Eating on a road trip can be challenging. Especially if you want to eat healthy, not get bored, and stay on a budget. If you’re looking for some tips on how to keep it interesting, good for you and easy on the pocketbook, read on!
When you’re eating on a road trip, there’s snacks and there’s meals, so let’s break it down.
Snacking on a road trip is important. It alleviates boredom, helps keep you alert, and helps you make better food choices when you do stop for a meal. And, if you have kids, teenagers, or men along – it is definitely a necessity!
Having snacks & water handy for those wayside hikes is also a good idea!
Homemade snacks are likely ideal, but there are a lot of pre-packaged alternatives that save on time and aren’t bad. Here are some suggestions – see this post for more. Note that packing a thermoelectric cooler could be a great way to bring these snacks along.
- Veggies and Fruit
- Beef jerky & cheese sticks
- Nuts & granola
- Mini cookies
- Fruit snacks, rollups, or dried fruit
- Small crackers or popcorn
- homemade muffins or bars
Unique, local Restaurants
Discovering a locally owned, off the beaten path eatery is one of the fantastic things about road trips! Often, they are one of the best values in town. But, how do you find them? There are mainly two ways.
Research: Do your research ahead of time. This is more than Yelp or Tripadvisor. The best local restaurants are not always the most popular or most recommended. You will have to spend some time looking at Google Maps, reading reviews, looking at website ‘About Us’ sections, and then listening to your gut. Usually, it’s worth it.
Canvassing: Wait until you get somewhere and then ask the locals. Don’t ask the concierge service. Instead, ask the gas attendant, ask the grocery clerk, ask the hotel staff. But, ask them where they like to go eat when someone else is buying. You will get different, better answers. We have never been steered wrong and we’ve eaten at some pretty amazing places.
Local restaurants can provide insight into local specialties not available anywhere else. Checking out the bakeries and sandwich shops is also a great way to pick up a quick meal or snack while supporting the local economy.
We love to have picnic meals on our road trips. There are usually some pretty amazing parks and scenic views that offer a great place to stretch out, relax, and have a meal and it gives us a welcome break from the restaurant scene.
Rather than pack an elaborate meal that we need to prep and then put together, we’ll usually stop at a grocery, deli, or farmers market the morning or day before and pick up just enough meat, cheese, and greens for sandwiches, pre-packaged salads (green or otherwise), crudités, chips, and drinks.
We may decide to buy a nice bottle of wine or a six pack of local beer to enjoy. Or even a special dessert for this day, either at the picnic or an ice cream stop. Don’t forget bottle openers, forks, spoons, and napkins!
Cooking Your Meal
Cooking on the road may seem like a step too far, but really, it can work out pretty well. You can either get lodging with a kitchenette, take an RV or camping trailer, stay at a cabin, use a roadside or park grill, or cook over an open fire at a campsite.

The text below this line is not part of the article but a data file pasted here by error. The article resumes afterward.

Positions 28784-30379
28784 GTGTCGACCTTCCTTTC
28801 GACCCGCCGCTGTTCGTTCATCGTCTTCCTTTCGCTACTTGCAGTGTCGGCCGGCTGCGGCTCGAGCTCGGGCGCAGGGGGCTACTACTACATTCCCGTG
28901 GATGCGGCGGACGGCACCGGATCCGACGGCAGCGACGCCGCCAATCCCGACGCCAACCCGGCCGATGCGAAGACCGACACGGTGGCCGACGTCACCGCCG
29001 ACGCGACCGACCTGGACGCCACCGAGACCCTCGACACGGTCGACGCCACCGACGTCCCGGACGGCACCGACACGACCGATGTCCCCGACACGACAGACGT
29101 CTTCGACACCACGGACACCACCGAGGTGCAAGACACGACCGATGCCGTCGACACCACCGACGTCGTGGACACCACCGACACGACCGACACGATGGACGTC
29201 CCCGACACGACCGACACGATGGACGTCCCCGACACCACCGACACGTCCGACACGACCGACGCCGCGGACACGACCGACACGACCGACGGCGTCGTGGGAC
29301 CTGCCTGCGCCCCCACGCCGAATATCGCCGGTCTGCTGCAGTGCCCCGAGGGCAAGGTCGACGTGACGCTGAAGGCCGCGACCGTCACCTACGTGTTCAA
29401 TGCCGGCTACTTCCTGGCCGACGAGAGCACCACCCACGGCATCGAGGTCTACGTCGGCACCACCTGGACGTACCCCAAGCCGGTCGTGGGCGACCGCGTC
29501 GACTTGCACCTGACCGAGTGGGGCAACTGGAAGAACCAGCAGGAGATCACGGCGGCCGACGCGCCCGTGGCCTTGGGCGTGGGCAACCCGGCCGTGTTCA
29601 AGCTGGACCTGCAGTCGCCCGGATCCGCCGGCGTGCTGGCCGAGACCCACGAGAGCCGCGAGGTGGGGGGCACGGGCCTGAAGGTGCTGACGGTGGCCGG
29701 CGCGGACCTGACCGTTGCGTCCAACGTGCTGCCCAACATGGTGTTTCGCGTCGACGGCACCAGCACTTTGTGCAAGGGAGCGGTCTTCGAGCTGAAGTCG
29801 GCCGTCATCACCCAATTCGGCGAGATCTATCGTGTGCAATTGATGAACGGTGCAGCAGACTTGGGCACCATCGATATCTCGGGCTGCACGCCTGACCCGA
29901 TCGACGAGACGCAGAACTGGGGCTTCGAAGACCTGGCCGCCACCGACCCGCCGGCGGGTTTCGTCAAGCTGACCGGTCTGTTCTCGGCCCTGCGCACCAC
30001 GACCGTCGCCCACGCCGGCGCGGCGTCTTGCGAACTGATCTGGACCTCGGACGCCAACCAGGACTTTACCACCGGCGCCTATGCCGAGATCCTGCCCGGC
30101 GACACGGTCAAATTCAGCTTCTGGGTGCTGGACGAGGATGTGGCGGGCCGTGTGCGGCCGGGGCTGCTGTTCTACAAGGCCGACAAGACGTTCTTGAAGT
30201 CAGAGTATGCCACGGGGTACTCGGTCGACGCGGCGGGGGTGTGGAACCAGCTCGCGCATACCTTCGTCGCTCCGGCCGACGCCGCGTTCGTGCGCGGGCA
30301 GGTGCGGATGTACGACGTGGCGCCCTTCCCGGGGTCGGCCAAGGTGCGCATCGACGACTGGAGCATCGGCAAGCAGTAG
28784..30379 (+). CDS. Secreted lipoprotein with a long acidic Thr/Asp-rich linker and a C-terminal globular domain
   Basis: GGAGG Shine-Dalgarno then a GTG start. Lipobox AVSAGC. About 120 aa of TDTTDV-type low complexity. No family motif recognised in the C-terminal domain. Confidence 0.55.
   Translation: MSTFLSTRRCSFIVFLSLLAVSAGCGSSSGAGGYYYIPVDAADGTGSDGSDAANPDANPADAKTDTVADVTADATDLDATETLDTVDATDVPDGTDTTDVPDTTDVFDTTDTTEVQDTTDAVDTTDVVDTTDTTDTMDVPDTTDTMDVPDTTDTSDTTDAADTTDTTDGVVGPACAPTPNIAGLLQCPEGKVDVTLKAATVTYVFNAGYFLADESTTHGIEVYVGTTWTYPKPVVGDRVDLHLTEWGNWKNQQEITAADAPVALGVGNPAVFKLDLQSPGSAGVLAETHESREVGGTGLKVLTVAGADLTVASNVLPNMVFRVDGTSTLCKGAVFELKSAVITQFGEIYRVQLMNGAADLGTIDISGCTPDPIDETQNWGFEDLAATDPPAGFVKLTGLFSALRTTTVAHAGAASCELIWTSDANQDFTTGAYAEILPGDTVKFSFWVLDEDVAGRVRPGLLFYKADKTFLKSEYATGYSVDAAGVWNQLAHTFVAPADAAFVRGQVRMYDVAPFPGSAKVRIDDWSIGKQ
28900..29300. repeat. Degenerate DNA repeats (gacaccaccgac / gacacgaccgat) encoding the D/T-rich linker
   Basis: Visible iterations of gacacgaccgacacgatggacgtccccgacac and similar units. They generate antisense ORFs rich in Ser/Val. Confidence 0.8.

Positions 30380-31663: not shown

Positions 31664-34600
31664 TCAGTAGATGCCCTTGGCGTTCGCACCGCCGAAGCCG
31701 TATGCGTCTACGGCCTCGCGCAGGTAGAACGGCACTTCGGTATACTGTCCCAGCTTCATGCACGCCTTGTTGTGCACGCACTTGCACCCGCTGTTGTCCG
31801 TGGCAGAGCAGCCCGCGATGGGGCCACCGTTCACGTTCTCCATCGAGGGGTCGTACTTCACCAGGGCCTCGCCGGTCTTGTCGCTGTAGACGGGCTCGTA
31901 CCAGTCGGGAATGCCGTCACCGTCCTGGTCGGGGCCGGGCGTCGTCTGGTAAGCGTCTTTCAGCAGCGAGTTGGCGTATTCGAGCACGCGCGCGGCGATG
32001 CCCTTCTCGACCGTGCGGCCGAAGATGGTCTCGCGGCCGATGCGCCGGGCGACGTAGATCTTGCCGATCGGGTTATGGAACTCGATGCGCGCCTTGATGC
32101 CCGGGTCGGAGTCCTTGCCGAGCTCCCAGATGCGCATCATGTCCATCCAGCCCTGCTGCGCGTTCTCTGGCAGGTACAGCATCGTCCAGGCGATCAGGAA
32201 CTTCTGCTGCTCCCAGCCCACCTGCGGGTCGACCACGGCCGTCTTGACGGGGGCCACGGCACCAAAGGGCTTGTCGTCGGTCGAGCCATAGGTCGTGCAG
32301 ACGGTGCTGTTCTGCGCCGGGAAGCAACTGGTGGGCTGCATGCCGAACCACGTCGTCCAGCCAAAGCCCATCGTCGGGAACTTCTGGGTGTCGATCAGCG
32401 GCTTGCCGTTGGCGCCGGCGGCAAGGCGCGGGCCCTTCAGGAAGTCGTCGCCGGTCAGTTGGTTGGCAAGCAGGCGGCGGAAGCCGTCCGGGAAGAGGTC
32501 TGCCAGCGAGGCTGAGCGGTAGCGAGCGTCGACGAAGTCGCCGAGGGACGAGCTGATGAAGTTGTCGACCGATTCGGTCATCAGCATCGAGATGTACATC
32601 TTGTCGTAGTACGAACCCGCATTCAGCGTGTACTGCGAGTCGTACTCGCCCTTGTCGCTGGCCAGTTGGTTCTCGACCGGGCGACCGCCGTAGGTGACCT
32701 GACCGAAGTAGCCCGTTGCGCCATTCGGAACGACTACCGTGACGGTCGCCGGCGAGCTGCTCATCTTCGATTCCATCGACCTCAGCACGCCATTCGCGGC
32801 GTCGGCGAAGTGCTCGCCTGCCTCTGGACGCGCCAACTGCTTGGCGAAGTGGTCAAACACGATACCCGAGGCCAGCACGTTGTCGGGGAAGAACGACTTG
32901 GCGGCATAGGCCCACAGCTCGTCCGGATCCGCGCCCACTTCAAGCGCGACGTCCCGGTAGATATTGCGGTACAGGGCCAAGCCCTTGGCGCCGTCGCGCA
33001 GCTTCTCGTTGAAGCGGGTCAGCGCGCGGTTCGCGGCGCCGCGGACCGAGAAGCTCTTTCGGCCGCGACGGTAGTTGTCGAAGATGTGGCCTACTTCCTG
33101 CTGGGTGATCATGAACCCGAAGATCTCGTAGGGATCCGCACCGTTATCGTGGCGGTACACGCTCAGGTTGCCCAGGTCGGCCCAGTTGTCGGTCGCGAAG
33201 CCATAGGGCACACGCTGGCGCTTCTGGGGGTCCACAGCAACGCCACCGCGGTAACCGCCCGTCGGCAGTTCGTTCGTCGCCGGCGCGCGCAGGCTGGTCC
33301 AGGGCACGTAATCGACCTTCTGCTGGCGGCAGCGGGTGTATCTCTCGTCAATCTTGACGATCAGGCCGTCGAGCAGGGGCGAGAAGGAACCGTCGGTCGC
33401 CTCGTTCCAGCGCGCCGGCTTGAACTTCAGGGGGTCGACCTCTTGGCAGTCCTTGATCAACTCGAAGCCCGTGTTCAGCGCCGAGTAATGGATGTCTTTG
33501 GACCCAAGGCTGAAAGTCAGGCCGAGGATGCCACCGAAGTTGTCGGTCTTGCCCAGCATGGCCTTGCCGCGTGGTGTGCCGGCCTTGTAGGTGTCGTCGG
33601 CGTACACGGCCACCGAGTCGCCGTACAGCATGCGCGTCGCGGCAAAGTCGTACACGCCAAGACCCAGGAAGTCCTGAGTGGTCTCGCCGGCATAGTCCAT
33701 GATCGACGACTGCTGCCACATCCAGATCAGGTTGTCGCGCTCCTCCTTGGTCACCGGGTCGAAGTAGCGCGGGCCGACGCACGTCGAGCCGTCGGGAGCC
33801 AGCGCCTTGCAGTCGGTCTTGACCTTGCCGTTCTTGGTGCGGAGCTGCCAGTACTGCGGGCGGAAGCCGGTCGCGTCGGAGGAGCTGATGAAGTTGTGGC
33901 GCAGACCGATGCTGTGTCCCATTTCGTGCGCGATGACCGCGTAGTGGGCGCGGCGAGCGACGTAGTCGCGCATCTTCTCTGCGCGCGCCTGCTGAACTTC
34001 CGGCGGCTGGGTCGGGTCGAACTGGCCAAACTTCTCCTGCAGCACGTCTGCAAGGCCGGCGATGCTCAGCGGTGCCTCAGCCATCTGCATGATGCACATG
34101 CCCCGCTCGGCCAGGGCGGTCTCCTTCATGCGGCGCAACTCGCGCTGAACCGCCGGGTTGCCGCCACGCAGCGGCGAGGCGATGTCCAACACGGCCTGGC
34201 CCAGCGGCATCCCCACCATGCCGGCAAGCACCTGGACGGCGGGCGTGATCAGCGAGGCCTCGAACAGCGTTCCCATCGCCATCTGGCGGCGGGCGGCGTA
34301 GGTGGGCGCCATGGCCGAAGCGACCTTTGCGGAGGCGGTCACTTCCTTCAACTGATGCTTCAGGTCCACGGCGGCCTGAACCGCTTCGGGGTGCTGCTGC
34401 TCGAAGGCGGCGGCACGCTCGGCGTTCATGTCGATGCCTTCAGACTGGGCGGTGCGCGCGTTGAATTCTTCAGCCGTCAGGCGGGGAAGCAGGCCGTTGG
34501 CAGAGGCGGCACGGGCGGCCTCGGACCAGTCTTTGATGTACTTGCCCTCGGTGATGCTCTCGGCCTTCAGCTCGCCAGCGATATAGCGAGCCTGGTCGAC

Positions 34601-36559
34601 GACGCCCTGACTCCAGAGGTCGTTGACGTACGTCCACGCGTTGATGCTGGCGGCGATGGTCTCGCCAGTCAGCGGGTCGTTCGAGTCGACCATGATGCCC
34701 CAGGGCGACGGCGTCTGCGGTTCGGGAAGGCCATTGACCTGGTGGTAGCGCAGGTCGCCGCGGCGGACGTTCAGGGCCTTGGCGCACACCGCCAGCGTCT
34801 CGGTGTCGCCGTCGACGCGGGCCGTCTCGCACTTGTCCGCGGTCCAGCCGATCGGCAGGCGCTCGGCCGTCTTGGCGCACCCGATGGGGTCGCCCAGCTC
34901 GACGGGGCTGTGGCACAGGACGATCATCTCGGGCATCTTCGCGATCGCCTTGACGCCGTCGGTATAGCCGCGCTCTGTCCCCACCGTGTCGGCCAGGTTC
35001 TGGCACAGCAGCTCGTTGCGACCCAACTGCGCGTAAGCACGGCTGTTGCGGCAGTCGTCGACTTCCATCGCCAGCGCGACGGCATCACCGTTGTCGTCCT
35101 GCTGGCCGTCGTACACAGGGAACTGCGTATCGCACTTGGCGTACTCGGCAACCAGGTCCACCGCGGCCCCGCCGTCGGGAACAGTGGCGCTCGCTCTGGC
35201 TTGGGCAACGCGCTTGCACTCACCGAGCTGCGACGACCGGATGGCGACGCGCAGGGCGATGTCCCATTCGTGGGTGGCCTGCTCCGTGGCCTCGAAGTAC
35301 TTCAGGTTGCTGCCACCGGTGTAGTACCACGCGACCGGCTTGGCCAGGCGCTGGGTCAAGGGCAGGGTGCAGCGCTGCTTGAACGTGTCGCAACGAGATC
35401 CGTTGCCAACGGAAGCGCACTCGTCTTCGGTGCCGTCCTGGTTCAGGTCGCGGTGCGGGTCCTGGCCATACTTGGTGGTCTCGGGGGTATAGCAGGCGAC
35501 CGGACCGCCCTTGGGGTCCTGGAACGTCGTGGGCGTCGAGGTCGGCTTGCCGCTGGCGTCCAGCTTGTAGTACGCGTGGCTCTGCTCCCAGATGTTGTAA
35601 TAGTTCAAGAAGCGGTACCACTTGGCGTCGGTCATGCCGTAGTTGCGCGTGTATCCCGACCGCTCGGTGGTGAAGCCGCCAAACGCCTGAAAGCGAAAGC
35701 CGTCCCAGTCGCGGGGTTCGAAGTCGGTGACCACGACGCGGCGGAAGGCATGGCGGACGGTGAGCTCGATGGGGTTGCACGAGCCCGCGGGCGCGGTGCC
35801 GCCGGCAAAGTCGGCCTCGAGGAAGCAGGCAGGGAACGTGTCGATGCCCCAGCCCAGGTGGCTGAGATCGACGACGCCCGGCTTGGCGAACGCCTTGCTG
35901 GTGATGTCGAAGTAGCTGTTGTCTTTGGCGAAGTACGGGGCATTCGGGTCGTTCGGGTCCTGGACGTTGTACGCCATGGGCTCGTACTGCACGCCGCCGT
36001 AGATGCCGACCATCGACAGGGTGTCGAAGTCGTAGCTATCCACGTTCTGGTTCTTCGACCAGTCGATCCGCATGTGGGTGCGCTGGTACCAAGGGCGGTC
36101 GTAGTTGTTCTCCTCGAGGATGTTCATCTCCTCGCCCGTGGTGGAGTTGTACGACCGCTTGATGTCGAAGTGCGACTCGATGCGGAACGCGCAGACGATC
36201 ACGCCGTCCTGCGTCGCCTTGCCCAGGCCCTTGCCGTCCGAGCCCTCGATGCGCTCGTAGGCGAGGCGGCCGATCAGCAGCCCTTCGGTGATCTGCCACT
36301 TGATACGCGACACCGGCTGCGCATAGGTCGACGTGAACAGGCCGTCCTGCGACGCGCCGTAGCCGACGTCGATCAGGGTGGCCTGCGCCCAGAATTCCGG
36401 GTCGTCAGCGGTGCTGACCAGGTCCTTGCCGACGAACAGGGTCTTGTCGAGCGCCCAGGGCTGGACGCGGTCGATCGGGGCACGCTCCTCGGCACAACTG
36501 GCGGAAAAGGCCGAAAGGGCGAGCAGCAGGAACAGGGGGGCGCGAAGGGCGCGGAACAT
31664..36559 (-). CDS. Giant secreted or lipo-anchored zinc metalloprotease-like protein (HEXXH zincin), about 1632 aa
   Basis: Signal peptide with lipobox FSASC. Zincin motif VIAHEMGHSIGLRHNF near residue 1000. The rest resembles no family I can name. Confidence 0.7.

You can get as elaborate or as simple as you want. Grilling your meat & veggies makes a wonderful meal. Kabobs & tinfoil packets are a great way for an ‘all in one’ meal of protein & veggies without a lot of equipment. There are a lot of recipes online to tempt your tastebuds!
Cooking with a portable camp stove is also an option for when fires aren’t allowed and facilities aren’t available. If you purchase one, look for something that is compact, easy to use, and can make use of multiple types of fuel. You’ll also need a pot or pan to cook in.
Don’t forget tongs & a couple hot pads. I love the combination tongs with a spatula on one side and a ‘grabber’ on the other like these.
Ok, ok, we all know why we go to chain restaurants. They are predictable and many of them actually do serve good food. Really, it’s ok to go to a chain on a road trip. Sometimes it’s just the easiest thing to do when you’ve been driving all day and just want to eat.
Chain restaurants don’t need to mean fast food. But, even fast food can be acceptable in moderation. Especially if it’s a fast food chain or restaurant that you don’t have in your area (Culvers or In-N-Out Burger come to mind). Trying out a regional favorite and anything that makes them unique (chicken and waffles anyone?) can be fun.
Whatever you decide to eat on your road trip, make sure you mix it up and have variety. Many restaurant menus are similar, so try different cuisines or cultures while you’re out and about. Local specialties, especially seasonal ones, can be a great way to try something new. Checking out local farmers markets can give you some insight and many provide tasty samples.
And don’t forget! Savor and enjoy what you eat! Don’t just eat for the sake of eating. Instead, take your time to appreciate the aromas, the flavors, and the textures of what you put in your mouth. Not only will your meals become part of your experience, your body will thank you.
As always, thanks for reading!
Kristi, aka The Trippy Tripster!